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Umpires benefit from medical policy
02/09/2004 7:18 PM ET
SCOTTSDALE, Ariz. -- Four years ago, Major League Baseball umpires didn't have the structure of a comprehensive medical program upon which to rely.

Before each season, they were given a physical exam intended for "an executive who sits behind a desk," said Mark Letendre, the director of Umpire Medical Services. "It really didn't meet the needs or the idiosyncrasies that they have."

Times have changed. Letendre was hired in October 1999, and helped establish an athletic medical program that treats the umpires "like a 31st team," he said. The medical program has been put in place where none existed before.

"This is great. In the old days there was no medical support," said Mike Winters, who joined MLB as a National League umpire in 1990 and remains active. "It has been a very positive improvement in our world. You have somebody to turn to with your health concerns. Most of the stuff is geared to what we do for a living."

In addition, MLB recently contracted Dr. Steve Erickson as a consultant to work directly with the umpires on medical issues; a psychologist, Dr. Ray Karesky, is available through the umpires' "Wellness Program," and Mackie Shilstone offers a performance enhancement program based in New Orleans that teaches umpires techniques to get the maximum out of their conditioning.

Dr, Elliot Pellman was hired last year by Major League Baseball as an advisor to oversee all of baseball's medical programs, including the umpires.

"We've made major strides in the medical support umpires receive," said Sandy Alderson, baseball's executive vice president of baseball operations, who oversees the umpires as part of his Major League functions. "Particularly during the course of the season, the umpires now have significant resources available to them."

The hope was to put a system in place that could prevent tragedies such as the death of umpire John McSherry, who suffered a heart attack in 1996 and died on the job. McSherry was overweight, and Letendre has since implemented an umpires' medical program to help prevent umpires' health problems.

Letendre, the former Giants trainer, left San Francisco to join the Major League staff at the urging of Alderson. Letendre was a trainer for the Yankees and Giants for 18 years.

"We used the template of what the athletes get from the teams and then made it age specific to the population we're dealing with," said Letendre, explaining how the umpires' medical program was devised.

"We knew then that perception had become reality in baseball. A missed call happened because an umpire was fat and out of shape. The powers that be felt that to fix the game you had to deal with the integrity of the game. And the umpires are at the heart of the integrity.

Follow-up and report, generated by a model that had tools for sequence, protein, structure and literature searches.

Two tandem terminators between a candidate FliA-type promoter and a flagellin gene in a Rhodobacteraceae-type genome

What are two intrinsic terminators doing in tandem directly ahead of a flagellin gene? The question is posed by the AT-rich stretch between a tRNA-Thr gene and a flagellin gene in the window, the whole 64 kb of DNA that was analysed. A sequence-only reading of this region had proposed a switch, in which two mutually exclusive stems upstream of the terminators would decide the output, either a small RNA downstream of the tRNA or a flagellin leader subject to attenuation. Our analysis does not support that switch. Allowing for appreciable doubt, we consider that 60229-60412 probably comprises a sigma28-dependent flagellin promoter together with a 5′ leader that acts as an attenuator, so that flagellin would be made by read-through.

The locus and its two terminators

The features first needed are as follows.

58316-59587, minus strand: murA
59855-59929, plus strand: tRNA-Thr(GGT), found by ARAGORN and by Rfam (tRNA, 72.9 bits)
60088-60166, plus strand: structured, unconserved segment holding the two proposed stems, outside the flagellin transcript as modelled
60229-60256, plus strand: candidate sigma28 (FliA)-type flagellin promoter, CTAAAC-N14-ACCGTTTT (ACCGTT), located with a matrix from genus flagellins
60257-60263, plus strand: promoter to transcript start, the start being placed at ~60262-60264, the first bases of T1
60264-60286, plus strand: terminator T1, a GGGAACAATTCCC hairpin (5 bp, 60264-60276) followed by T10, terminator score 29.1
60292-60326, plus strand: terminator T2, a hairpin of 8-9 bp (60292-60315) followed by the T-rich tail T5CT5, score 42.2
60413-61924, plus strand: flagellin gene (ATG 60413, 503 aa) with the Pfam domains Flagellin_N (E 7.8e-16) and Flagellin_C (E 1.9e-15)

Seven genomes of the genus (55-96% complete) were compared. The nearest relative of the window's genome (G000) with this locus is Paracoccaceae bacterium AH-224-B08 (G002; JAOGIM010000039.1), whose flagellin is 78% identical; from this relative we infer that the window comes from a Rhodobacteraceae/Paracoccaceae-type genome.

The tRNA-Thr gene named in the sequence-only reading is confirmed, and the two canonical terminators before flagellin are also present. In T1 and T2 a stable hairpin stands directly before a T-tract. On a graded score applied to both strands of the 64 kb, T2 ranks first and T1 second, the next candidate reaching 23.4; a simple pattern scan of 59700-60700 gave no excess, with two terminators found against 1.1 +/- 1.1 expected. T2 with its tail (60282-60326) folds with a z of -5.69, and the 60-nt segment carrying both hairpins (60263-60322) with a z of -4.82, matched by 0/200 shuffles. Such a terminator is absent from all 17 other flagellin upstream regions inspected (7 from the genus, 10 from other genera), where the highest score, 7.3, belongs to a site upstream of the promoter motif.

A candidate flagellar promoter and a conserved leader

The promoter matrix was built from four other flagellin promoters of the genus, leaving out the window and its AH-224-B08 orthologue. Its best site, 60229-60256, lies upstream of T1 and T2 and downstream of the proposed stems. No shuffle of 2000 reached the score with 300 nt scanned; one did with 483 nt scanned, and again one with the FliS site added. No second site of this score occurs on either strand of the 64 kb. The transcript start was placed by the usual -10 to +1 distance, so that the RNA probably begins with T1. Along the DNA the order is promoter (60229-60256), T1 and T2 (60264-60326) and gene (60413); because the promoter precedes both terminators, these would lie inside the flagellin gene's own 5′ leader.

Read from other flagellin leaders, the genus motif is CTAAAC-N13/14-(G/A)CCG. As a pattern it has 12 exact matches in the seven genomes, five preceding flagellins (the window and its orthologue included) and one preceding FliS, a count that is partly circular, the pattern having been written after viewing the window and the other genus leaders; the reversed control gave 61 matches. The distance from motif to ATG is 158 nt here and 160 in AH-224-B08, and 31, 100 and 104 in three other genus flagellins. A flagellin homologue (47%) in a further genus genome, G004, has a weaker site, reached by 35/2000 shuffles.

"This is a multi-disciplinarian approach to medicine like we had with the Giants."

At this week's fourth annual retreat, the 68 umpires hardly are undergoing an "executive physical." The umpires have access to an optometrist, an internist, an orthopedist, a dentist and a cardiologist. Last year, each umpire was asked to fill out a form asking them to judge their cardiovascular condition. This year, the depth of their physical exams reflect the answers they gave to that questionnaire.

"When you get your arms around it, the program is designed to meet the needs as they evolve," Letendre said. "Clearly, this program isn't the same as it was even three years ago."

Up until 2000, one crew of umpires worked in the American League and another set for the National League. The groups were mixed only for the All-Star Game and the World Series.

In the past, systems like the medical program were either non-existent or archaic.

"There wasn't a functional assessment," Letendre said. "They didn't deal with the stress. I can tell you right now as I sit here that umpiring is a very stressful job. They're being asked constantly to make millisecond decisions and they are correct well over 90 percent of the time. It's a God-given talent."

Last season, in fact, the six umpire supervisors viewed about 46,000 calls made during games as part of MLB's constant internal evaluation process.

"We found only 37 that we disagreed with," said Jim McKean, one of the supervisors. "That's an incredible record."

The current umpires respect the evaluations because the supervisors -- all retired umpires -- have 108 years of combined on-field experience.

But Letendre credits much of that incredible success to an improvement in conditioning and the oversight provided by the medical program.

"You wouldn't believe the difference in the size of the uniforms from four years ago," Letendre said. "We have a multitude of umpires who request smaller belts. You can see how they hustle on the field. They have to be in shape for them to be doing what they're doing now.

"Baseball finally realized that these guys are athletes. They're not professional athletes. They're industrial athletes because they are on the field doing athletic moves."

Barry M. Bloom is a national reporter for This story was not subject to the approval of Major League Baseball or its clubs.

This story was not subject to the approval of Major League Baseball or its clubs.